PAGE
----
Massachusetts Lemon Law: Did You Know…?

Posted by Sergei Lemberg, Esq. on August 22nd, 2008

Did you know that Massachusetts has two laws that protect consumers if they have a lemon? First, there’s the Massachusetts Lemon Law (Chapter 90, Section 7N1/2. Then, there’s the MA Consumer Protection Act (Chapter 93A) that covers unfair or deceptive practices on the part of merchants. If you have a lemon, it’s automatically considered an unfair or deceptive practice.

But what defines a lemon under MA Lemon Law? First, the car’s defects have to affect the use, safety, or value of the vehicle – so cosmetic problems don’t count. Second, you have to have taken the vehicle in three times for the same problem or you car has to have been out of service for 15 or more business days due to a series of unrelated problems. And, in a requirement that’s often overlooked by consumers, you have to notify the manufacturer of the problem and give them one final opportunity to repair the vehicle.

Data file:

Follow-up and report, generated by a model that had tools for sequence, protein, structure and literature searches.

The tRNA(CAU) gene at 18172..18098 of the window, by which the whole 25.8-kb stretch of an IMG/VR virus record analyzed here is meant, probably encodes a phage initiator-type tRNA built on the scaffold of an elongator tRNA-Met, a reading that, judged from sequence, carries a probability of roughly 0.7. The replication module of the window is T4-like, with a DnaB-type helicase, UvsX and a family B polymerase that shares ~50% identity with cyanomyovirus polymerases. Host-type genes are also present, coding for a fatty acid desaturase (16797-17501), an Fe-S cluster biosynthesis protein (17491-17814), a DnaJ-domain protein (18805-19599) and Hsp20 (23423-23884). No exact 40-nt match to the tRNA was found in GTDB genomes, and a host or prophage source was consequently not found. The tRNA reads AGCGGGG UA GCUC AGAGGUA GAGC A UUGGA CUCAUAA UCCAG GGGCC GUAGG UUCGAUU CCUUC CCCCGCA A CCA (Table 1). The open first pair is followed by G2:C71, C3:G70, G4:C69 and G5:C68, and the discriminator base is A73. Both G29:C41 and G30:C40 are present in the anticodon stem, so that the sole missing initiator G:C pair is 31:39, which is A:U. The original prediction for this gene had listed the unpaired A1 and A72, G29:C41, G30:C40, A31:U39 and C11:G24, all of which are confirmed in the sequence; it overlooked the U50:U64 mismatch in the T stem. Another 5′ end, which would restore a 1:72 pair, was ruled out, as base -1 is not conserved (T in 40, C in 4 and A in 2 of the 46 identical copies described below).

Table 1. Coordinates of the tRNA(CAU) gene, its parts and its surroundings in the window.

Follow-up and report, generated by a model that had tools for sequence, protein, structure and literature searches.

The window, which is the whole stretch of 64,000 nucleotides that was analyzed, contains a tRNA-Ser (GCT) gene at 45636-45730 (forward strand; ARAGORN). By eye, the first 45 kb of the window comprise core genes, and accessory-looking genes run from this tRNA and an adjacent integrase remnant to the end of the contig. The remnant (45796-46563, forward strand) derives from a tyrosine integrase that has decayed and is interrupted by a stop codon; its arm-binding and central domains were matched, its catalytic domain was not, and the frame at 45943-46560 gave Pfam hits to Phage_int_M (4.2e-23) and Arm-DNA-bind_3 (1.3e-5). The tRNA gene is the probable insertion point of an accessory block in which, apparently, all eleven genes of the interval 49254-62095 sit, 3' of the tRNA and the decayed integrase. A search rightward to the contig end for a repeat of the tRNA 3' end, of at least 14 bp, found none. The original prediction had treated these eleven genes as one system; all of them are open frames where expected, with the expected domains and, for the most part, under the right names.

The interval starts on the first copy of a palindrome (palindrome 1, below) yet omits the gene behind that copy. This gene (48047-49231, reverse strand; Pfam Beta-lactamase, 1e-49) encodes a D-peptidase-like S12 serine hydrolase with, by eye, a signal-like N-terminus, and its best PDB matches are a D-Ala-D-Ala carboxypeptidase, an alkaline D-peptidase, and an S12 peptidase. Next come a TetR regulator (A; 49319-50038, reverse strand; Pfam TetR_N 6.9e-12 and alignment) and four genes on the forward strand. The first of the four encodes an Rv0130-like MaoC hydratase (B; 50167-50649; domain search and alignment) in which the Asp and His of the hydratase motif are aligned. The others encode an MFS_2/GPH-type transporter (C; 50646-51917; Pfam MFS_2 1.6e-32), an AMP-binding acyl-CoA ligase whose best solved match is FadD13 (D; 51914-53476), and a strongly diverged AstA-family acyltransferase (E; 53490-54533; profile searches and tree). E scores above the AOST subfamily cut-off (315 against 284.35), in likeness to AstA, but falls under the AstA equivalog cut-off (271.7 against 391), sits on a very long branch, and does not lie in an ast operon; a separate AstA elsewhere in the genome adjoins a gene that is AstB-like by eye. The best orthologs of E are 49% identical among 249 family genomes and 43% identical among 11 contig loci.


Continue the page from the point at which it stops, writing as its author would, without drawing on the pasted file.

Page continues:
A-Plus Advocate Bob Kraft

Posted by Sergei Lemberg, Esq. on August 22nd, 2008

By definition, all attorneys advocate on behalf of their clients. But once in awhile an attorney comes along who gives a whole new meaning to the word “advocacy.” Dallas attorney Bob Kraft is one of those people. His blog’s tongue-in-cheek name, “Bob Kraft’s P.I.S.S.D” (it stands for Personal Injury, Social Security Disability) belies his passion for sounding off about the ways disabled and injured people get stepped on by the government and insurance companies.

From appeals to support the Muscular Dystrophy Association to information about state requirements for disability license plates, Bob covers a wide variety of issues. His insightful commentary on the health insurance crisis in Texas and on the necessity of increasing funding for the Consumer Product Safety Commission is a sure sign that he’s squarely aligned with consumers. Whether you’re looking for specific information on fibromyalgia or veterans affairs, or just want to stay in the loop about a number of interesting topics, P.I.S.S.D. is a great place to start.

Diminished Value: What You Need to Know

Posted by Sergei Lemberg, Esq. on August 21st, 2008